- Trade, trade, glorious trade! First gameplay video of Europa Universalis IV highlights new trade system
- Europa Universalis IV Q&A, with Thomas Johansson
- The World that May Have Been, a Europa Universalis IV Let’s Play — Part 1: Never Pick on Someone Your Own Size
- The World that May Have Been, a Europa Universalis IV Let’s Play — Part 2: The Best of Times, the Worst of Times
- The World that May Have Been, a Europa Universalis IV Let’s Play — Part 3: If You Can’t Beat Them…
- The World That May Have Been, a Europa Universalis IV Let’s Play – Part 4: The Death and Rebirth of the British Empire
- The World That May Have Been, a Europa Universalis IV Let’s Play – Part 5 (FINAL): Bend with the Wind
- Europa Universalis IV: The Verdict
- Ayutthaya Universalis: Building an Empire in Southeast Asia
- The Qing in the North: Reflections on Europa Universalis IV: Art of War
- Let’s Play EU4: Common Sense! Part 1: Welcome to Meiguo
- Let’s Play EU4: Common Sense! Pt 2: East Meets West
Paradox Development Studio’s Europa Universalis IV is a game about trade-offs, and it is all the better for it.
That’s true in two senses. First, EU4’s design represents a successful trade-off. Paradox titles often struggle to decide between being strategy games (which emphasise interesting decisions with clear results) and being simulations (which encourage detail for its own sake – exemplified by Hearts of Iron 3). But with EU4, Paradox has gotten the balance just right: while individual mechanics are clear and reasonably intuitive, together they fill the game with trade-offs. At any given point in EU4, players will have a dozen things to do – research technology, make friends, grab new provinces or consolidate existing ones – yet only limited resources. This forces choice between competing goals (Do I want to dominate the sea, or the land?) and strategies (to dominate the sea, should I invest in naval bases, or technology, or National Ideas?). Even small decisions feel weighty: when a fully developed kingdom only has six merchants, it matters where I send them.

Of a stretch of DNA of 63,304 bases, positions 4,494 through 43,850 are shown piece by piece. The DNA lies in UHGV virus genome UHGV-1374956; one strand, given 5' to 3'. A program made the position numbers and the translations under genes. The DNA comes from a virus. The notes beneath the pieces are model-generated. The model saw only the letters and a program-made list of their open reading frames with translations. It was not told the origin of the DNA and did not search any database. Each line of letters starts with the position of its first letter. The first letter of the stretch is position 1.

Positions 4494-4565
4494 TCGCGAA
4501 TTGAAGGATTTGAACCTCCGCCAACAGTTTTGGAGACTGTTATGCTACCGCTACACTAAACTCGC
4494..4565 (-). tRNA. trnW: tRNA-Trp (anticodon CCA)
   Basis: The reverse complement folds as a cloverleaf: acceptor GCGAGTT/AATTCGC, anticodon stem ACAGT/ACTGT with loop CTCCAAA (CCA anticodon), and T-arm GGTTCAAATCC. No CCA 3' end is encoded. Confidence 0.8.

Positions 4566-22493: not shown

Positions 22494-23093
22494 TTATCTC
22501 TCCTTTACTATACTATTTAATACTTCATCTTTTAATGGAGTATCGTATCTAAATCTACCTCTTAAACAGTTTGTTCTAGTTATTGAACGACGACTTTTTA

Credit for this lies with the refinements Paradox has introduced to the Europa Universalis formula. New mechanics (monarch points, used as a currency for many actions) have added strategic depth. So have tweaks to existing ones – for instance, trade, rather than being separate from other systems, now involves multiple considerations: where do I send my merchants, how do I use my fleet to back them up, how do I grab land to support those fleets, and how do those land grabs affect the geopolitical situation? Old annoyances are gone: hunting down defeated armies is no longer a tiresome, click-heavy, strategy-light game of ping-pong. This is not to say EU4 is perfect. A few irritations remain – for example, rebels can be ludicrously persistent; Ironman mode, which restricts the player to a single saved game, is a great idea but could be tweaked (1); and I can think of more (2). At a design level, I would like to see the game model why Europe took the technological lead, rather than abstracting this via a European tech bonus (3).
Still, EU4‘s flaws are modest in the context of all that it does right: with this release, Paradox has added some of its best and most polished strategy mechanics to its traditional strength – the creation of an alternate-history generator that allows us to watch empires rise, and fall, and battle the same constraints as their real-world counterparts. The result is my favourite Paradox game since 2005’s Hearts of Iron 2, a good omen (together with last year’s Crusader Kings 2) for the studio, and a game I can recommend to lovers of historical grand strategy.
(1) I’d like to see ironman become a discrete option, the way Alpha Centauri and XCOM did it. Currently, if you enable ironman, you also have to enable several other difficulty options at game setup.
(2) For example, weaker AI armies sensibly attempt to retreat the moment you click on them… but this can produce giant Benny Hill chases. There are several workarounds, some strategic (unlocking a “forced march” ability, grabbing key enemy territory if their army won’t defend it) and some gamey (baiting the AI into attacking a smaller detachment while your main army waits nearby); nonetheless, this stands out as one of the few times when EU4 is long on clicking, short on strategy. Perhaps EU4 needs an “automatically hunt target stack” button, or perhaps it should borrow Hearts of Iron 2/3’s rule that combat begins the moment you click an adjacent province.
(3) If, say, technological progress for every culture came at the cost of social instability, along the lines of the current Westernisation mechanic, this could add another dimension of strategy. Do you ban the printing press and lock up astronomers, reaping short-term gain in exchange for long-term pain?
The basis of this review: Per Steam, I spent 70 hours in EU4, plus about another 2-3 hours in the demo. I finished one single-player ironman campaign as England/Great Britain. I have not tried multiplayer.
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